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Mom tips: Using primary sources to teach history

Last summer, I had the chance to take a behind-the-scenes tour of the National Archives. I can't describe how amazing it was to see, up close, FDR's "day that will live in infamy" speech, Lincoln's memo nominating Grant as Lieutenant General of the Army, and (my personal favorite) the radar plot of fighters coming into Pearl Harbor. My thoughts alternated between "WOW" and "I wish I could show these to the kids."

Thanks to the hard work of the people at National Archives, I'm now able to do so. Many of these documents are available online, and can be examined up-close without risking the destruction of such important artifacts. Studying Pearl Harbor and its aftermath will never be the same.

Why use primary sources?

All right, so using primary documents will mean more work for both you and your child. But trust me, it's worth it.

Using primary documents in historical research is not something that most high school students have a chance to experience. The skills learned are many -- not only a better understanding of history, but general skills at analysis and critical thinking. History is far more than memorizing dates.

Teaching with primary documents: how to

If you're not sure how to use primary documents, don't worry. There are documents, lectures and even webinars available to help. Some are aimed at teachers, other directly at the students. All are well thought out and useful. We've found that the delineation of teacher/student isn't always helpful, however -- so make sure you and your child look at both areas.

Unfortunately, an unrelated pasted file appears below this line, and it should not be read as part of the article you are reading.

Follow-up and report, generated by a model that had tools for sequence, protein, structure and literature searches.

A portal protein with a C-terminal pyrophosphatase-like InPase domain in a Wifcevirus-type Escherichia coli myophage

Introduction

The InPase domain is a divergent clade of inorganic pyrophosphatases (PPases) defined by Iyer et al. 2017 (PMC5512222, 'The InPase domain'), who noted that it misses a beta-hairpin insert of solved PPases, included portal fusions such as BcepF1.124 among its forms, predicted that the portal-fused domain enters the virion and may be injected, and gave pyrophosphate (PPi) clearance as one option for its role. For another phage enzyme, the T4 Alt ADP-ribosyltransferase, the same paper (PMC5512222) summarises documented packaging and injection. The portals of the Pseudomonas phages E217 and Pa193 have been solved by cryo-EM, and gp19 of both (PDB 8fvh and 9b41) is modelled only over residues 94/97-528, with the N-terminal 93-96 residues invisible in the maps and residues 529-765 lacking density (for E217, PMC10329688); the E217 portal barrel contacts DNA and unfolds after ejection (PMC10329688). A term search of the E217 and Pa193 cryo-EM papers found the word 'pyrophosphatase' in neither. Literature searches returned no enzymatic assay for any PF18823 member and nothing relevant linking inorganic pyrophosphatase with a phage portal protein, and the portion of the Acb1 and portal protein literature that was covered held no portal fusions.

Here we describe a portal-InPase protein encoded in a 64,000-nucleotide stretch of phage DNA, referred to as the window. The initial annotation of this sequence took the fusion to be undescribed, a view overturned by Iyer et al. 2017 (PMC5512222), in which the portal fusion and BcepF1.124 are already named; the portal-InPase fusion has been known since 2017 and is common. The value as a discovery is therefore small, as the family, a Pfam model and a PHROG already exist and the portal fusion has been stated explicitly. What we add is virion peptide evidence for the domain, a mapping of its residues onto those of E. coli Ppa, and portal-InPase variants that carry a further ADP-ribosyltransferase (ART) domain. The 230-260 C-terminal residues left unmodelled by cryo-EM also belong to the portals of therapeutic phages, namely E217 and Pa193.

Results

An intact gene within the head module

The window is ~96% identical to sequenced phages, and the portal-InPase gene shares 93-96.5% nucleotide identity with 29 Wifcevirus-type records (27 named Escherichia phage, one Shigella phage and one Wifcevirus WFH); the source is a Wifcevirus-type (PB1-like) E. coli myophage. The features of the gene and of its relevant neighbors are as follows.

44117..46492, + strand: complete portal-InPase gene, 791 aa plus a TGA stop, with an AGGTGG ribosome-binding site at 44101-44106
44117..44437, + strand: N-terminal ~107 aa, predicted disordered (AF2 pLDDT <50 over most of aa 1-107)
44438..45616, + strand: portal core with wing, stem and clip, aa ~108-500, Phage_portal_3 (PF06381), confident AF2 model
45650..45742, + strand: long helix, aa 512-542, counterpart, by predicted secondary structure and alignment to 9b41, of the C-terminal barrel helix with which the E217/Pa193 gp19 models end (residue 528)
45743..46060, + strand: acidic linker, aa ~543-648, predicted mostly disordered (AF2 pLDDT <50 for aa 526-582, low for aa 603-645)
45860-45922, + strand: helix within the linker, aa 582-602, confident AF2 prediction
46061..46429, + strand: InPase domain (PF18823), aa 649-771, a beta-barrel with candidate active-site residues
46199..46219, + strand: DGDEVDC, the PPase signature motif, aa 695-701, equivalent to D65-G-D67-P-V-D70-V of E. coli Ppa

Finding the documents

If you're looking for a specific document, or your child is researching a topic already and needs primary documents to support his or her work, there's an online search available. While the results can be incredible, this is probably the weakest part of the site(s). Unless you know the exact term you need, you may have to wade through many search results to get what you need. The more specific your search, however, the faster your desired document will likely appear. (Note: this of course assumes that the document has been scanned and placed online.)

Lesson plans & implementation

For many topics, you can visit the connected DocsTeach site. There, registered users have access to hundreds of lesson plans for periods in American history ranging from the Revolution to modern times. Each lesson is explained, with direct links to the necessary documents. While some lessons cover a broad scope (for instance, a timeline of women's rights), others focus closely on a single document and its importance.

Best of all, students can complete many of the activities online, and email their answers to you. This fully integrated approach is well thought out and makes learning seamless.

Building your own lessons

If none of the plans are quite what you need, you can design your own. Whether focusing in-depth on one document, exploring maps or tracing a timeline through history, your customized teaching materials give you the chance to choose exactly how you want to teach a topic. These lessons use the same interactive online method as the already prepared lesson plans -- their only down side is that they must fit a pre-ordained format.